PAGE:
Shak believes that as long as he hustles, the opportunities will come. He believes in the importance of “taking initiative” and “put[ting] yourself out there”. “After all, the gigs don’t look for the artist. The artist has to be the one eagerly breaking down doors,” he explains. If anyone can attest to that, it’s Shak, since he’s the one sitting beside Charlie Lim now.
“I really don’t think the way we play the song is going to surprise anyone,” says Shak.
The reply is unexpected, especially when the task is to reimagine a classic.
Never Good Enough
This unassuming honesty is characteristic of Shak and a sign of the pair’s work ethic. Holding themselves to high standards, “good enough” takes on a new definition. “You are never going to be good enough for you, but you have to let yourself be good enough for people,” says Shak.
The duo seems perfectly at ease with one another, laid-back even. “We have kind of a similar vibe,” admits Charlie. “I think they put us together because we both have mumbling issues,” he jokes.
But once they bust out their guitars and get going, they are absorbed in a world of their own. And it’s easy to be sucked into their process as well. As they reimagine Girl From Katong, discussion flows seamlessly from the various accents applied to the word “Katong” to spotting opportunities in the song for tweaks.
With a penchant for the blues, a stripped down Girl From Katong with an emphasis on Shak’s raw vocals is steadily taking shape.
A Music Renaissance
For the pair, a near future where the layman is able to recognise Singaporean music on the radio seems every bit plausible.
“I really think the landscape is going to change in the next few years” Shak says - and with good reason. As a host to a weekly open mic session, he’s in the heart of all the action. “So many amazing people are putting out so many different things in their favourite genres.” He even recounts seeing a lady bring a cello to one of the sessions.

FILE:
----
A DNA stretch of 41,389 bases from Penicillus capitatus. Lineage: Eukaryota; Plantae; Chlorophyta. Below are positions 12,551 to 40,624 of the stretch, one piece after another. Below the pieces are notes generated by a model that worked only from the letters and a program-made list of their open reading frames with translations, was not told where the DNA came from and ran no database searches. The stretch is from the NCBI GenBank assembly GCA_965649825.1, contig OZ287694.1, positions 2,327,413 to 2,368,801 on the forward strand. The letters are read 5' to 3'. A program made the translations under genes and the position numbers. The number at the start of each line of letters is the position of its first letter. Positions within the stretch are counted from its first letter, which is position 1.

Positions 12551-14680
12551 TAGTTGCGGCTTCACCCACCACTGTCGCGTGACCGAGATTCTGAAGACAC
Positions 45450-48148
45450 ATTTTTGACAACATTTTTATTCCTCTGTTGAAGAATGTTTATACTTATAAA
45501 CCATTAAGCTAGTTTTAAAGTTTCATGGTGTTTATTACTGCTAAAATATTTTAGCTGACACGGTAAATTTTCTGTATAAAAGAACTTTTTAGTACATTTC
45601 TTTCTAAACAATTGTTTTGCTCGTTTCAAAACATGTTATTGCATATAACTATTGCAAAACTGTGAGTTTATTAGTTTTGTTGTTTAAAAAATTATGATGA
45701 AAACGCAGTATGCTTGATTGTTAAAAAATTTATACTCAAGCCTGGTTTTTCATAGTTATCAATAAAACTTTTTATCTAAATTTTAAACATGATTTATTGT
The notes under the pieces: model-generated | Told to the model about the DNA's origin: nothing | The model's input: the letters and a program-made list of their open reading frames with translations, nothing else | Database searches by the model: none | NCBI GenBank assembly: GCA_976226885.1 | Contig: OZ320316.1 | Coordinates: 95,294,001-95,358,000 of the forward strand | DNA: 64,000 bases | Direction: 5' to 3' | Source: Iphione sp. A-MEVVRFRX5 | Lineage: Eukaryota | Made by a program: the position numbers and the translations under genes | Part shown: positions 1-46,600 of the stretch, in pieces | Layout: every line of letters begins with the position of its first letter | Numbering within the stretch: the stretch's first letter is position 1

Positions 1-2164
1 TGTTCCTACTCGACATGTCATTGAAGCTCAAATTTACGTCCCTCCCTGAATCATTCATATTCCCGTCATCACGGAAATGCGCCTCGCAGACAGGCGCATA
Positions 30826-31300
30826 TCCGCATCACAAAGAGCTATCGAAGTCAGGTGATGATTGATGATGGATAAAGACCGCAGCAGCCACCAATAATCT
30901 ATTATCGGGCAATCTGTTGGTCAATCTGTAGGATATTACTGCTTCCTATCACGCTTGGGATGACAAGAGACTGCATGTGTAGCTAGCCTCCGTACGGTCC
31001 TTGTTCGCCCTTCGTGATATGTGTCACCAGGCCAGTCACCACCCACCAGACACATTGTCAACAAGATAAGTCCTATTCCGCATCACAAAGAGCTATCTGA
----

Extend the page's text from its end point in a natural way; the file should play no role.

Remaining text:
“The amount of talent that is still not seen is crazy” Shak says with much passion. He believes that with the current momentum, local music “can’t be contained.”
Charlie certainly agrees. “Singapore is a great place to be a springboard.” Having been in the scene for eight years, Charlie is optimistic with the direction local music is taking. “There is this great renaissance happening right now,” Charlie says and the surge of new artists has been an inspirational push for him as well.
A Renaissance takes Hard Work
However, it’s not all sunshine and rainbows. Two years in and Shak says it has been “rough” while Charlie shares the same sentiment. “It’s a tough industry to be in.” Being a musician still takes hard work and perhaps it is the drive needed to be in the scene that has put local music on an upwards momentum.
While it’s not easy, Charlie thinks it’s a misconception, especially embedded within the previous generation, that it’s not achievable to pursue an art-related passion. He believes this is certainly not the case with many venues and festivals opening up in Singapore and the region. It’s more about putting in the legwork to get the right break. “There are a lot of opportunities if you go out to look for them.”
The same has been true for Shak. “When you work hard, opportunities will come.”
For budding musicians still hesitant to pursue their passion, Charlie has this to say, “There is no better time to do it than now.”